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A NICE guideline is born!

Debbie Hicks

Diabetes during pregnancy is associated with risks to the prospective mother and to the developing foetus. Complications such as miscarriage, pre-eclampsia and pre-term labour are more common in women with diabetes than those without the condition. Also, complications such as stillbirth, congenital malformations, macrosomia, birth injury, perinatal mortality and postnatal adaptation problems (such as hypoglycaemia) are more common in babies born to women with pre-existing diabetes.

Approximately 650000 women in England and Wales give birth each year, with 2–5% of pregnancies involving women with diabetes (King, 1998; Confidential Enquiry into Maternal and Child Health [CEMACH], 2003). Some 87.5% of pregnancies complicated by diabetes are estimated to be due to gestational diabetes, 7.5% are attributed to type 1 diabetes and the remainder due to type 2 diabetes (CEMACH, 2003).

The recently published NICE guideline on diabetes in pregnancy (2008) outlines recommendations for the management of diabetes and its complications in those women with diabetes who are pregnant or wish to conceive. The guideline focuses on areas where additional or different care should be offered to women with diabetes and their babies and builds on existing clinical guidance for routine care during the antenatal, intrapartum and post-natal periods.

Where made possible by supporting evidence, the guideline makes separate recommendations for women with pre-existing diabetes and women with gestational diabetes. Everyone of child-bearing age, including young women who have not yet transferred from paediatric to adult services are referred to as ‘women’. A summary of the main points from the guidance can be found in Box 1.

It is imperative that high-quality preconception, antenatal and post-natal care is available to all women of child-bearing age with diabetes, or those in whom diabetes occurs at any point during the pregnancy, throughout the UK, to avoid repeating the poor outcomes as documented in the CEMACH report in February 2007.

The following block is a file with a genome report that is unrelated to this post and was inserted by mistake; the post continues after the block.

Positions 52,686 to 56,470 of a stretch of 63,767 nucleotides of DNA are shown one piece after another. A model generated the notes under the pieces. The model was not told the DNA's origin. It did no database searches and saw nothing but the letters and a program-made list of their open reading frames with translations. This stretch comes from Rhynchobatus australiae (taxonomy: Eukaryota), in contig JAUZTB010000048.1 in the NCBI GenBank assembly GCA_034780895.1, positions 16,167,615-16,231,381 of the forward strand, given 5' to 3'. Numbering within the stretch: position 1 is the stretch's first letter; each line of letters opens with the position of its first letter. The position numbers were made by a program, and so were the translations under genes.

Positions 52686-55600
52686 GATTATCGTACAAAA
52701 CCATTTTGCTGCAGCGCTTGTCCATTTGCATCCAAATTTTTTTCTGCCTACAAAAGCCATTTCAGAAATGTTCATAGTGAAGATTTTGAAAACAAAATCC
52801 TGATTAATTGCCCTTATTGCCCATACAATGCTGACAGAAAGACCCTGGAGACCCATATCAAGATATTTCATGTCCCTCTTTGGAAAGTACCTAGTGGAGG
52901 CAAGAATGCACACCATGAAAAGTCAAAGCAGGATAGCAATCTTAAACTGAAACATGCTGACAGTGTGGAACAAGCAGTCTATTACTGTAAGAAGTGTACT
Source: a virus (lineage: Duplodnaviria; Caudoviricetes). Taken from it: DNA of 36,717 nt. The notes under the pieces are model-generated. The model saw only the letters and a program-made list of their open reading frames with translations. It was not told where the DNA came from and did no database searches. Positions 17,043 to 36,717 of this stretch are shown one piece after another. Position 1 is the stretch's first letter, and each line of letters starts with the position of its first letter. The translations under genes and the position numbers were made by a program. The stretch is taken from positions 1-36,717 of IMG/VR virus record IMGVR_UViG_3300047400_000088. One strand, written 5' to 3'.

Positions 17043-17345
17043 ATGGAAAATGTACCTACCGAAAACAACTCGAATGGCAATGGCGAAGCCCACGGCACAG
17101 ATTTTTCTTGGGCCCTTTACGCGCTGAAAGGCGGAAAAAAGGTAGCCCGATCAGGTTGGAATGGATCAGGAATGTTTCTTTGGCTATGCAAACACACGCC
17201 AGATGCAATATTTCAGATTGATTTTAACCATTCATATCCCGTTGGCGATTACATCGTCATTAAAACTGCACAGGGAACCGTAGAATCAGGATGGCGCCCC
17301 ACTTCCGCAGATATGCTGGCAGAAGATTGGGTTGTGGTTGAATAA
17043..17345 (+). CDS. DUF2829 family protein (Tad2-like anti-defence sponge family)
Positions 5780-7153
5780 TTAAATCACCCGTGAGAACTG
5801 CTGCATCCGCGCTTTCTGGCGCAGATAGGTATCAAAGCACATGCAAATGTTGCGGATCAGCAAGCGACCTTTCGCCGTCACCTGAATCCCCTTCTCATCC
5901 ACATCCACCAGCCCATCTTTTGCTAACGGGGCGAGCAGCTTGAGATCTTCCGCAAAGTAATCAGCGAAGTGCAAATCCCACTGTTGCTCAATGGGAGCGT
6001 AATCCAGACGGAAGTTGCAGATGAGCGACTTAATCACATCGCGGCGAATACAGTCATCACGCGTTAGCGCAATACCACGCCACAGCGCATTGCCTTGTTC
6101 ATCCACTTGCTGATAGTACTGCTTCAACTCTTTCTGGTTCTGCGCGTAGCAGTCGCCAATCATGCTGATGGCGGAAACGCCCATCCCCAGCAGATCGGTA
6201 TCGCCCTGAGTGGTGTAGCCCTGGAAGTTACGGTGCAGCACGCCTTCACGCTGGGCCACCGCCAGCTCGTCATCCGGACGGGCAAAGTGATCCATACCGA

Diabetes during pregnancy is associated with risks to the prospective mother and to the developing foetus. Complications such as miscarriage, pre-eclampsia and pre-term labour are more common in women with diabetes than those without the condition. Also, complications such as stillbirth, congenital malformations, macrosomia, birth injury, perinatal mortality and postnatal adaptation problems (such as hypoglycaemia) are more common in babies born to women with pre-existing diabetes.

Approximately 650000 women in England and Wales give birth each year, with 2–5% of pregnancies involving women with diabetes (King, 1998; Confidential Enquiry into Maternal and Child Health [CEMACH], 2003). Some 87.5% of pregnancies complicated by diabetes are estimated to be due to gestational diabetes, 7.5% are attributed to type 1 diabetes and the remainder due to type 2 diabetes (CEMACH, 2003).

The recently published NICE guideline on diabetes in pregnancy (2008) outlines recommendations for the management of diabetes and its complications in those women with diabetes who are pregnant or wish to conceive. The guideline focuses on areas where additional or different care should be offered to women with diabetes and their babies and builds on existing clinical guidance for routine care during the antenatal, intrapartum and post-natal periods.

Where made possible by supporting evidence, the guideline makes separate recommendations for women with pre-existing diabetes and women with gestational diabetes. Everyone of child-bearing age, including young women who have not yet transferred from paediatric to adult services are referred to as ‘women’. A summary of the main points from the guidance can be found in Box 1.

It is imperative that high-quality preconception, antenatal and post-natal care is available to all women of child-bearing age with diabetes, or those in whom diabetes occurs at any point during the pregnancy, throughout the UK, to avoid repeating the poor outcomes as documented in the CEMACH report in February 2007.

REFERENCES:

Confidential Enquiry into Maternal and Child Health (CEMACH; 2003) Pregnancy in Women with Type 1 and Type 2 Diabetes in 2002–03, England, Wales and Northern Ireland. CEMACH, London
CEMACH (2007) Diabetes in pregnancy: are we providing the best care? Findings of a national enquiry: England, Wales and Northern Ireland.  CEMACH, London
King H (1998) Epidemiology of glucose intolerance and gestational diabetes in women of childbearing age. Diabetes Care 21(Suppl 2): B9–13
NICE (2008) Diabetes in pregnancy: Management of diabetes and its complications from preconception to the postnatal period. NICE, London. Available at: http://www.nice.org.uk/nicemedia/pdf/CG063FullGuidance.pdf

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